Avr Gcc For Mac

Accumulate outgoing function arguments and acquire/release the neededstack space for outgoing function arguments once in functionprologue/epilogue. Without this option, outgoing arguments are pushedbefore calling a function and popped afterwards.

Popping the arguments after the function call can be expensive onAVR so that accumulating the stack space might lead to smallerexecutables because arguments need not be removed from thestack after such a function call.

This option can lead to reduced code size for functions that performseveral calls to functions that get their arguments on the stack likecalls to printf-like functions.


Set the branch costs for conditional branch instructions tocost. Reasonable values for cost are small, non-negativeintegers. The default branch cost is 0.


Functions prologues/epilogues are expanded as calls to appropriatesubroutines. Code size is smaller.


Set the size (in bits) of the double or long double type,respectively. Possible values for bits are 32 and 64.Whether or not a specific value for bits is allowed depends onthe --with-double= and --with-long-double=configure options,and the same applies for the default values of the options.


Interrupt service routines (ISRs) may use the __gcc_isr pseudoinstruction supported by GNU Binutils.If this option is on, the feature can still be disabled for individualISRs by means of the no_gccisrfunction attribute. This feature is activated per defaultif optimization is on (but not with -Og, see Optimize Options),and if GNU Binutils support PR21683.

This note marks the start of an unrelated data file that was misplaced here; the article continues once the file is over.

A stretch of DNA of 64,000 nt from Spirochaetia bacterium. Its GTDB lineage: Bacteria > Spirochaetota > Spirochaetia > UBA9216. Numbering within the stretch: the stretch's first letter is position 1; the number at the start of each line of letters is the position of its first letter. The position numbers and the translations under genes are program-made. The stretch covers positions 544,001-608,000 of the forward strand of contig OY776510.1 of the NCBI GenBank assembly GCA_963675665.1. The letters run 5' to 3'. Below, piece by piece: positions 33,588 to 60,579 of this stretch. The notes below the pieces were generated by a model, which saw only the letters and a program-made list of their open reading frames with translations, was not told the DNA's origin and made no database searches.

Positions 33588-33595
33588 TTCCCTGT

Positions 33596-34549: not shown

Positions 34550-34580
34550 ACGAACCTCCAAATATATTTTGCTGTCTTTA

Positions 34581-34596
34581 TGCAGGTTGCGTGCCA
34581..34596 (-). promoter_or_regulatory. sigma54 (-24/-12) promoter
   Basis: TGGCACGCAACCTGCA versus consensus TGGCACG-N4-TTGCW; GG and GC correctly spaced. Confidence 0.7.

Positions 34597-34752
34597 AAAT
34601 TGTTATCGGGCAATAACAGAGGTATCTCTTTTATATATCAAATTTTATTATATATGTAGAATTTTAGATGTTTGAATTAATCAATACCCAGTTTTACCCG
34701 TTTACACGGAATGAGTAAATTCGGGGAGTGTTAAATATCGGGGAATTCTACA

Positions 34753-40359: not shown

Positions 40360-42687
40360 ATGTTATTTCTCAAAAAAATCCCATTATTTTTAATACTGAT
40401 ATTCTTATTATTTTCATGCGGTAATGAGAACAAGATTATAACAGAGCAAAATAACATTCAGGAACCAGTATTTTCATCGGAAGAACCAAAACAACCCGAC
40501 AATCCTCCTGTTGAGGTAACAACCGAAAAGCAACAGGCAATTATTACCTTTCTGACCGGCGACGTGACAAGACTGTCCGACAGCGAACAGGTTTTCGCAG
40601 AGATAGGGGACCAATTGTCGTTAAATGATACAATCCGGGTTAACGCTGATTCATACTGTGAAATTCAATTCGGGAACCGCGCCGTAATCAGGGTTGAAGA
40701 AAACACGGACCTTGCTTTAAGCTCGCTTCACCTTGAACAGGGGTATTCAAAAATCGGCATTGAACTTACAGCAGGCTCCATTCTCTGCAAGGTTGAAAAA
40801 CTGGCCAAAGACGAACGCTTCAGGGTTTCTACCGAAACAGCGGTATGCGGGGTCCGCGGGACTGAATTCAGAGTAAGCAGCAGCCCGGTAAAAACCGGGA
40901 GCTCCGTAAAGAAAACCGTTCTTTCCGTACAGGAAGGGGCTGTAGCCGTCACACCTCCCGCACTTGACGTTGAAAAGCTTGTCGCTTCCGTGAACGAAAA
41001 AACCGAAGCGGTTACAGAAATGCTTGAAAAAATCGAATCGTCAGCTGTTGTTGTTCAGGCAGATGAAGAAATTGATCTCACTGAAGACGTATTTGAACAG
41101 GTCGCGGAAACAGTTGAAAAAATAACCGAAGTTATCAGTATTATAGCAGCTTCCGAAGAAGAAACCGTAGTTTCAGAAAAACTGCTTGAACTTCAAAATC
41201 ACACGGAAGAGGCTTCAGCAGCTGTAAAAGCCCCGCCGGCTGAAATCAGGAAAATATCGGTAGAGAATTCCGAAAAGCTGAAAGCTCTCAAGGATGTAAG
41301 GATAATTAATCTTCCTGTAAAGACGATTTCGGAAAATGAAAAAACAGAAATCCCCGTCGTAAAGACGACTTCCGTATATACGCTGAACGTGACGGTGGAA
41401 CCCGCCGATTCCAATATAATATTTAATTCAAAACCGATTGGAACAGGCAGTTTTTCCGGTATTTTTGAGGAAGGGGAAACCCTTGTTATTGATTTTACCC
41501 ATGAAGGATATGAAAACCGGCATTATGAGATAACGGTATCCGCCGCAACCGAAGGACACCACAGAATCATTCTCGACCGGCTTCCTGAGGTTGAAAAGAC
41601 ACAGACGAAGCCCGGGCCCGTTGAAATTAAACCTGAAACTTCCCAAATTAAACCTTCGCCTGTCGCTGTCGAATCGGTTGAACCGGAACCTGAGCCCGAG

Assume int to be 8-bit integer. This affects the sizes of all types: achar is 1 byte, an int is 1 byte, a long is 2 bytes,and long long is 4 bytes. Please note that this option does notconform to the C standards, but it results in smaller codesize.


Do not save registers in main. The effect is the same likeattaching attribute OS_taskto main. It is activated per default if optimization is on.


Assume that the flash memory has a size of num times 64 KiB.


Generated code is not compatible with hardware interrupts.Code size is smaller.


Try to replace CALL resp. JMP instruction by the shorterRCALL resp. RJMP instruction if applicable.Setting -mrelax just adds the --mlink-relax option tothe assembler’s command line and the --relax option to thelinker’s command line.

Jump relaxing is performed by the linker because jump offsets are notknown before code is located. Therefore, the assembler code generated by thecompiler is the same, but the instructions in the executable maydiffer from instructions in the assembler code.

Relaxing must be turned on if linker stubs are needed, see thesection on EIND and linker stubs below.


Assume that the device supports the Read-Modify-Writeinstructions XCH, LAC, LAS and LAT.


Assume that RJMP and RCALL can target the wholeprogram memory.


This option is used internally for multilib selection. It isnot an optimization option, and you don’t need to set it by hand.


Treat the stack pointer register as an 8-bit register,i.e. assume the high byte of the stack pointer is zero.In general, you don’t need to set this option by hand.

This option is used internally by the compiler to select andbuild multilibs for architectures avr2 and avr25.These architectures mix devices with and without SPH.For any setting other than -mmcu=avr2 or -mmcu=avr25the compiler driver adds or removes this option from the compilerproper’s command line, because the compiler then knows if the deviceor architecture has an 8-bit stack pointer and thus no SPHregister or not.